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LNWR Mystery Photographs
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  • Mystery Number 161 – supplied by Ted Talbot

    Show image of mystery phot  mobile/M161B.jpg

    It is obvious what this is — Columbine, now in the Science Museum, South Kensington — but where is it? And when?

    Any other information ?

  • Click here for larger version

  • Philip A.Millard — 18-Aug-2014 7.49 AM
    The engine is being displayed in some sort of exhibition hall. The clerestory coach in the background is GWR, and assuming it was new and not a museum piece then the date would be the final decade of the 19th century, perhaps even up to 1901.
    Philip A.Millard — 21-Aug-2014 8.38 AM
    am pretty certain that the location is the Paris Exhibition of April-November 1900 which was intended to celebrate the achievements of the last century and accelerate development into the next. It was a financial disaster. By way of comparison the LNWR also showed their most modern express passenger type, “Jubilee” No. 1926 “La France” which was built in March 1900 and temporarily carried its Crewe Works number 4000.
    Ted Talbot — 12-Dec-2014 11.16 PM
    I was sorting through some papers this evening and came across a photo which seems to settle this one. It is a picture of ‘Old Copper Knob’, Furness Railway No. 3, and beyond it is Columbine and the Great Western Railway clerestory coach as in Mystery 161. It is a press photograph by Kadel & Herbert, News Feature Photos N. Y., Grand Central Palace Bldg, 430 Lexington Ave, N. Y., and the caption reads: Eighty Year Old Engine – Curious Sight at Exhibition Photo shows: Old Copper Knob the 80-year old engine of the Furness Line, now merged with the LMS Railway and on exhibition at Wembley. Presumably, it is at the Wembley Exhibition of 1924 and from the assorted material in the foreground the photo was probably taken before the exhibition opened.
    Note - Additional photo is below the larger photo. Click on the image above to see both of them.
    Philip A.Millard — 18-Dec-2014 4.35 PM
    Shome mishtake shurely! I find it inconceivable that the GWR would wish to exhibit a carriage which in 1924 was getting on for 25 years old. Not even an historic vehicle – just elderly! The four main lines exhibited their latest locomotives (the LMS showed a “Prince of Wales” 4-6-0), and I do not think that museum pieces were on display.
    Philip A.Millard — 20-Dec-2014 7.58 AM
    Perhaps I spoke too soon! I have found on eBay the attached photo of “Flying Scotsman” displayed at the 1924 Wembley Exhibition, and the curved roofing supports in the background and hanging numbers to denote the location seem very similar to Ted’s second photo. Which leaves the question – why did the GWR exhibit an obsolete (but not historic/antique) coach? I think that the coach in the Scotsman photo is a Pullman car.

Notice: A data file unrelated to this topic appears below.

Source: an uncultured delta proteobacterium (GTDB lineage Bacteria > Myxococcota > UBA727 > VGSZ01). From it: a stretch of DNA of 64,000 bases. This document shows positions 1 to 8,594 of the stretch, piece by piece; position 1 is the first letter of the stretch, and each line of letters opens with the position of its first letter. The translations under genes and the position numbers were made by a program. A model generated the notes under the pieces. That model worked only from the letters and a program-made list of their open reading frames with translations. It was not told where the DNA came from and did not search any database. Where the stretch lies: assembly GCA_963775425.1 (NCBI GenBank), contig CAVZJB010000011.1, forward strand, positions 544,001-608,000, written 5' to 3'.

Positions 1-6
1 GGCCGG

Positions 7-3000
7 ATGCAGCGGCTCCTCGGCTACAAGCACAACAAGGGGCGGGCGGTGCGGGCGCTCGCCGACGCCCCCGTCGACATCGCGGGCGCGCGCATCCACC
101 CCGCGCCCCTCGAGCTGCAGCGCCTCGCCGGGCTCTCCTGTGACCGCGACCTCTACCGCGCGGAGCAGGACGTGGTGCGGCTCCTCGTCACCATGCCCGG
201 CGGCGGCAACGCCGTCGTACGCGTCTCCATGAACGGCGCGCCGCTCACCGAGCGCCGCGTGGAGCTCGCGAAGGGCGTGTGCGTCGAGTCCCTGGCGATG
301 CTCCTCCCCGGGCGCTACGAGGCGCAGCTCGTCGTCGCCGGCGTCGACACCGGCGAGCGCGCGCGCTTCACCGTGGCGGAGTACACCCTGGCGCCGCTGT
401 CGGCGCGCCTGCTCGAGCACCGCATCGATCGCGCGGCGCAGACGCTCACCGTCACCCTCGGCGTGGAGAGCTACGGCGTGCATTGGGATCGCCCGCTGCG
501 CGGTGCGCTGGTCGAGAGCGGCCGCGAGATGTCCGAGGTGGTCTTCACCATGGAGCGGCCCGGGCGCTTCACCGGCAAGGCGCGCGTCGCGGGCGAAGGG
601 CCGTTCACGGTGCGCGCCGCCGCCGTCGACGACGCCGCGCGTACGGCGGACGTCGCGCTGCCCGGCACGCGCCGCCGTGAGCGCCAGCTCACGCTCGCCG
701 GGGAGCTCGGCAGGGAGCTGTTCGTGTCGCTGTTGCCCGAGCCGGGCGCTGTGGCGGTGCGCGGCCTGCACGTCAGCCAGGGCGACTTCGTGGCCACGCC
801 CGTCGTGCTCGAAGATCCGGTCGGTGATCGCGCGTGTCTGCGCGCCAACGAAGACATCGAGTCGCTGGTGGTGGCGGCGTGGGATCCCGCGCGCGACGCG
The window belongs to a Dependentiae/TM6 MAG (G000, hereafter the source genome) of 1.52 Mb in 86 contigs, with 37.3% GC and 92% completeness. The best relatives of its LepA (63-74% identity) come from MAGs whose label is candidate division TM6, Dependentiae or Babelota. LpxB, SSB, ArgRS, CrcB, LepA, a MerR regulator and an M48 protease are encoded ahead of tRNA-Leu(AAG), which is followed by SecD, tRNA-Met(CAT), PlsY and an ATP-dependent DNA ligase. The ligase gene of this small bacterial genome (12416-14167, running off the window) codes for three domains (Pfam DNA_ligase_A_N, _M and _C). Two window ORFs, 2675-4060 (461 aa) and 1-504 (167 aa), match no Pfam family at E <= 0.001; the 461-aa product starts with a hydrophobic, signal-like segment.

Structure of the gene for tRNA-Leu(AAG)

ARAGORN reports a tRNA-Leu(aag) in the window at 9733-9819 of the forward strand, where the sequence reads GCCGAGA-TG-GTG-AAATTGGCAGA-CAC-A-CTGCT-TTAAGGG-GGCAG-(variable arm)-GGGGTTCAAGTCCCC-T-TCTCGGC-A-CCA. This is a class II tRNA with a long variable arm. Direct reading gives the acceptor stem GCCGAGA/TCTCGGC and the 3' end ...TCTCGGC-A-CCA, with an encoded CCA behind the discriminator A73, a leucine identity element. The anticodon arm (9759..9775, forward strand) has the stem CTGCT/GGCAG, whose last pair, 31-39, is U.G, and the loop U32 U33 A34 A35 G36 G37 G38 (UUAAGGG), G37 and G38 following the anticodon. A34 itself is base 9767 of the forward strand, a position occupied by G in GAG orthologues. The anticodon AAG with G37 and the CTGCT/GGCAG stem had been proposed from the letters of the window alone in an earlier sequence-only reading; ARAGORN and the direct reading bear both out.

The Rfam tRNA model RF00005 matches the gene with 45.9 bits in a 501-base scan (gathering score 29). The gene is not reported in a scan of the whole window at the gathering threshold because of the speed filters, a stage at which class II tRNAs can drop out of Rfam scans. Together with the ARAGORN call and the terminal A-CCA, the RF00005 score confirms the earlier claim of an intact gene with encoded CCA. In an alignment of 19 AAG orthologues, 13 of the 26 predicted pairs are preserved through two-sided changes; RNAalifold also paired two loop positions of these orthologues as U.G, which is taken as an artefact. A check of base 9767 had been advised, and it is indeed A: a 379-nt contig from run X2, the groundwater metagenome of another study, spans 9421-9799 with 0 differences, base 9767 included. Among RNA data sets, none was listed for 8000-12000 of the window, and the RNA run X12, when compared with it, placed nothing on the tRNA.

Note - Again this additional photo is below the larger photo. Click on the image above to see all of them
    Ted Talbot — 20-Dec-2014 7.37 PM
    Robert Collier, later Lord Monkswell, visited the Paris Exhibition in 1900 and wrote a long account of it in his notebook. He describes the latest French, German, Dutch, American, Austrian, Italian, Swiss and Russian engines on display there but the account is too long to be reproduced conveniently here. This is what he says, however, about the English engines (Rudloff was a French locomotive engineer who regularly accompanied him on his travels in France): ‘Four English companies sent express engines of different types, all of them beautifully painted and finished, and as regards appearance, completely outdistancing those of all other countries. This fact was thoroughly appreciated by Rudloff, who was loud in praise of their beauty of form and colour. The Midland sent a big single engine with an enormous eight-wheeled tender named Princess of Wales. The LNWR sent one of the four-cylinder compounds, No. 4000 La France. The GER have one of the new four-coupled type, bogie oil-burner, and the NER a six-coupled ten-wheel express engine. Neilsons also sent a four-coupled bogie engine, built for Holland. I should like to have seen one of the engines of the Drummond type, either one of the latest on the LSWR or Caledonian, and one of the new L&Y ten-wheelers. Otherwise the English exhibit appeared to me to be all that could be desired.’ There is no mention whatsoever of Coppernob, Columbine and a GWR carriage. Philip may be right not to “think that museum pieces were in display” at Wembley. But what he thinks is hardly evidence.
    Edward Talbot — 09-Jan-2015 7.40 PM
    I was sorting through some photos this afternoon and came across this one of Columbine. The interesting thing about it is that it is dated and annotated on the back: British Empire Exhibition 10th October 1925. There is a stamp on it: Copyright of the Ken Nunn Collection, No. 4683, Locomotive Club of Great Britain. Click on the image above to see this new photo.
    Edward Talbot — 22-Apr-2015 10.22 PM
    Another interesting photo of Coppernob at the Wembley Exhibition of 1924. Beyond Coppernob is Columbine, and on the right is a Hughes 4-6-4 tank engine, resplendent in LMS red.
    Click on the image above to see this new photo.
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